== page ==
There was a murmur of approval from those of the fine company of nobles and their women who were within earshot. They were loath to believe what they did not wish to believe and what, I realized, must have seemed an insult to their intelligence.

Put yourself in their place. Perhaps you live in San Francisco. You go to bed one night. When you awaken, a total stranger tells you that the Pacific Ocean has dried up and that you may walk to Honolulu or Guam or the Philippines. I’m quite sure that you wouldn’t believe him.

As we came up into the broad avenue that led to the ancient sea front of Horz, that assembly of gorgeously trapped men and women looked about them in dumbfounded astonishment upon the crumbling ruins of their once proud city.

“Where are the people?” demanded one. “Why is the Avenue of Jeddaks deserted?”

“And the palace of the jeddak!” exclaimed another. “There are no guards.”

“There is no one!” gasped a woman.

No one commented, as they pushed on eagerly toward the quay. Before they got there they were already straining their eyes out across a barren desert of dead sea bottom where once the waters of Throxeus had rolled.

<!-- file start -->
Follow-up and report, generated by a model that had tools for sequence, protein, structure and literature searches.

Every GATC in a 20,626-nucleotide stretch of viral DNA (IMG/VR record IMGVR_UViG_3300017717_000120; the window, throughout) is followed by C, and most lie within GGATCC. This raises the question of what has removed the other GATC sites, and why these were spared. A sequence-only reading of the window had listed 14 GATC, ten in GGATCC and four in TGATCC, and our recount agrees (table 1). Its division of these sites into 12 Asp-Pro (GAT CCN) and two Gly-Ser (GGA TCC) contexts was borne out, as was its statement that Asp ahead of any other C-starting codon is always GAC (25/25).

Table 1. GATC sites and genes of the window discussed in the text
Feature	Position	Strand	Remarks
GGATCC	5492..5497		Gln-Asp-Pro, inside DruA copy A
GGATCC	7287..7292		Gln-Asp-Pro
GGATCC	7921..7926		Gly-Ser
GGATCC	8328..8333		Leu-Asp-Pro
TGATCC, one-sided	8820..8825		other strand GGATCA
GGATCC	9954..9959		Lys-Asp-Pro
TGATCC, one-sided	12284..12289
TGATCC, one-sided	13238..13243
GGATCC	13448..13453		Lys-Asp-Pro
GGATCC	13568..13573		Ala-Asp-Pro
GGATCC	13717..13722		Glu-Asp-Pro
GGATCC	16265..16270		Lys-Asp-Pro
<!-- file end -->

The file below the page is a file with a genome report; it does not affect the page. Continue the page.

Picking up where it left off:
In silence they continued on to the Avenue of Quays. They simply could not believe the testimony of their own eyes. I cannot recall ever having felt sorrier for any of my fellow men than I did at that moment for these poor people.

“It is gone,” said Kam Han Tor in a scarcely audible whisper.

A woman sobbed. A warrior drew his dagger and plunged it into his own heart.

“And all our people are gone,” said Kam Han Tor. “Our very world is gone.”

They stood there looking out across that desert waste; behind them a dead city that, in their last yesterday, had teemed with life and youth and energy.

And then a strange thing happened. Before my eyes, Kam Han Tor commenced to shrink and crumble. He literally disintegrated, he and the leather of his harness. His weapons clattered to the pavement and lay there in a little pile of dust that had been Kam Han Tor, the brother of a jeddak.

Llana of Gathol pressed close to me and seized my arm. “It is horrible!” she whispered. “Look! Look at the others!”

I looked about me. Singly, in groups of two or three, the men and women of ancient Horz were returning to the dust from which they had sprung—“Earth to earth, ashes to ashes, dust to dust!”